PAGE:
Early this morning, National Penn Bancshares CEO Scott Fainor announced that the company will move its headquarters to downtown Allentown in 2014. The bank will bring hundreds of employees to the city, occupying several floors in City Center Two. The building will be constructed on the northeast corner of Seventh and Hamilton streets where a building once occupied by First National Bank of Allentown is being demolished The Community Action Committee of the Lehigh Valley has long worked with the region’s banks to ensure the Lehigh Valley’s lower-income families and their neighborhoods gain access to credit, which is the intent of the Community Reinvestment Act passed by the United States Congress in 1977. According to Alan Jennings, Executive Director of CACLV, CRA is one of the most effective tools for creating economic opportunity in the country. Jennings issued the following statement in response to the announcement by Fainor. “This morning’s announcement by National Penn Bankshares CEO Scott Fainor may be the most important “community reinvestment act” in decades. The decision represents another big victory for the Neighborhood Improvement Zone. The bank’s action shouts out its bullishness on Allentown and the region. In an era when too many people are cynical about the motives behind others decisions, this decision is clearly one in which the bank sees an opportunity to gain a big return on its investment, building its deposit base and expanding its lending. In other words, the bank sees an opportunity to make money. Nothing could be better for Allentown and the region: it will create jobs where they are most needed, strengthen the livelihood of downtown businesses, create wealth that will spill over to the neighborhood, and improve access to credit. The best community development program is called “profit” and we hope that lots of other investors join the effort. “We congratulate the bank for yet another bold investment in downtown Allentown. We thank NIZ pioneer Senator Pat Browne for his creativity, both the senator and Representative Jennifer Mann for their legislative success, Mayor Ed Pawlowski for his perseverance and focus on the city’s needs and City Center principles J.B. Reilly and Joe Topper for their ability to effectively capitalize on an opportunity, even when it means swimming upstream.” Jennings serves on the Board of Directors of the Allentown Neighborhood Investment Zone Development Authority. He stressed that he was not representing ANIZDA in making this statement.Although it is a positive thing that National Penn is moving into the Reilly and Topper Building, it in no way constitutes an investment in Allentown. On the contrary, the taxpayers are investing in the mortgage and providing a vehicle for the bank to have reduced rent. Jennings fails to acknowledge that the tax money would be utilized by Pennsylvania for reasons other than Reilly's mortgage, such as the CHIP, children's health insurance program. I also fail to see how this building or it's tenants improves the lives of lower income families, or increases their access to credit. J.B.Reilly and Joe Topper did not have to swim upstream; It was more like a shark attack that nobody knew was coming. Alan doesn't mention that Scott Fainor and National Penn loaned J.B. Reilly $20million dollars to buy up Allentown property, before anybody else even knew that NIZ loans would be available for private owners. It was loaned before any criterion were established, and before the NIZ board was even appointed. I agree with Jennings that as long as the Arena Complex and associated buildings are being built, I wish them successful occupancy. But, lets not imagine that the neighborhood poor are going to be invited into National Penn headquarters for a makeover. Lets not blow smoke.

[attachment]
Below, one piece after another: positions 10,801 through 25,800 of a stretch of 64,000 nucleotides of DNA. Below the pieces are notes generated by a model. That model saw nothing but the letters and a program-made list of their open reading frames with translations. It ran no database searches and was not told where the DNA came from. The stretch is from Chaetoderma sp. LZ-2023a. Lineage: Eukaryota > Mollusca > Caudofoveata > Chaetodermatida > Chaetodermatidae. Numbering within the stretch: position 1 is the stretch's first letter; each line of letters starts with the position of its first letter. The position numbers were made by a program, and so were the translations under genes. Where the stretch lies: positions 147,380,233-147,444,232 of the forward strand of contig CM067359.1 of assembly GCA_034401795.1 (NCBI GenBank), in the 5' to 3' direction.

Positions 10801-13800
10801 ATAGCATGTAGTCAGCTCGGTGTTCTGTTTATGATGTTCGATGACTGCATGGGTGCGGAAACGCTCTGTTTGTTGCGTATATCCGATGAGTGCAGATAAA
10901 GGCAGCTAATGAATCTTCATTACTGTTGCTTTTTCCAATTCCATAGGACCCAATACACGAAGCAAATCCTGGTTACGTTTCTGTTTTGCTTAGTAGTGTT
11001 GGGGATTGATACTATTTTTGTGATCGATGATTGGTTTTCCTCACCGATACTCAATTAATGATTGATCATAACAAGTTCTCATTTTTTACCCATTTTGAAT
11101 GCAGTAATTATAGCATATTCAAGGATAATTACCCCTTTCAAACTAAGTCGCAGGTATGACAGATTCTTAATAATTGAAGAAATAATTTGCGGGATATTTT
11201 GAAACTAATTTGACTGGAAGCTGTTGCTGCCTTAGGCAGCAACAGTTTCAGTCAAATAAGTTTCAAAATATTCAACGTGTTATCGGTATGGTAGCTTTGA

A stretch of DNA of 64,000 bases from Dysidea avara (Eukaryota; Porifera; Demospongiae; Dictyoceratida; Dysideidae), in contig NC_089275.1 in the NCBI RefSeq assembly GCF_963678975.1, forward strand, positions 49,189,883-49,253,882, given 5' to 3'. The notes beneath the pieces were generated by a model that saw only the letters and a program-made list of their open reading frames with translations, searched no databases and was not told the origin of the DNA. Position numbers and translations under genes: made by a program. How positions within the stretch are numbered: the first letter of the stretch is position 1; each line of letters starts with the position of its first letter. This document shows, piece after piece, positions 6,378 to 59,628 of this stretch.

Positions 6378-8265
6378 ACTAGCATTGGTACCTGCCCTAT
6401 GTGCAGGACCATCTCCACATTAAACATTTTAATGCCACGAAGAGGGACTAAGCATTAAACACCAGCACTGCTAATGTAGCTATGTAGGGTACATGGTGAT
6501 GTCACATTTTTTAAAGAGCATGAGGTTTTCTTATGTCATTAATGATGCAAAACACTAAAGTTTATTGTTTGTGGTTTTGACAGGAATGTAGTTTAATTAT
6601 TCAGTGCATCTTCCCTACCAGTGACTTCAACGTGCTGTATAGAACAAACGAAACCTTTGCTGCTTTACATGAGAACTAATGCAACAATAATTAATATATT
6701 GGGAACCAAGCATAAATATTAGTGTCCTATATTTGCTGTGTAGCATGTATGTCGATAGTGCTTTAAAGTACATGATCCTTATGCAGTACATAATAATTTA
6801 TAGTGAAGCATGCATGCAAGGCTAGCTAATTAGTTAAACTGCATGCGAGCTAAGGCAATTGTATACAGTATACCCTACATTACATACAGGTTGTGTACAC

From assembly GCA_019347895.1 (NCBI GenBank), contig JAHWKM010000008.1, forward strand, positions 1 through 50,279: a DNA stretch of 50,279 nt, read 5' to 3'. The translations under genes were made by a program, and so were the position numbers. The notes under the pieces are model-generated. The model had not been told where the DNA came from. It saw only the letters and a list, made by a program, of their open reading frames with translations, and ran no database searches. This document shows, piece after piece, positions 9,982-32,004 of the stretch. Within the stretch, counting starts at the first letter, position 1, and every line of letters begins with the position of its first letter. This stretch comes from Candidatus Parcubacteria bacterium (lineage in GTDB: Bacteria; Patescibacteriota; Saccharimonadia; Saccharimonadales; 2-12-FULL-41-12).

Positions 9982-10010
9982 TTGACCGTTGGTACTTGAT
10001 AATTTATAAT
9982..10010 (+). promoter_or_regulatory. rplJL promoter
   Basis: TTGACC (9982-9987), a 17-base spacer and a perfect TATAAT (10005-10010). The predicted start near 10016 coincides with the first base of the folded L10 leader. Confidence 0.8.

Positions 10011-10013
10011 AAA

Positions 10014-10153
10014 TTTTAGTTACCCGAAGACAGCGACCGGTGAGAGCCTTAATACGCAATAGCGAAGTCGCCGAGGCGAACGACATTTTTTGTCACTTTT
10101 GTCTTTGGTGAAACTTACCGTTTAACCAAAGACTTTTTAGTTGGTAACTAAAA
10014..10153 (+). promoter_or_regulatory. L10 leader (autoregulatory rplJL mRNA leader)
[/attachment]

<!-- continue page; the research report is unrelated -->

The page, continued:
Oct 16, 2012
Differing With Alan Jennings
The Morning Call article and Alan's words about National Penn moving to Reillyville.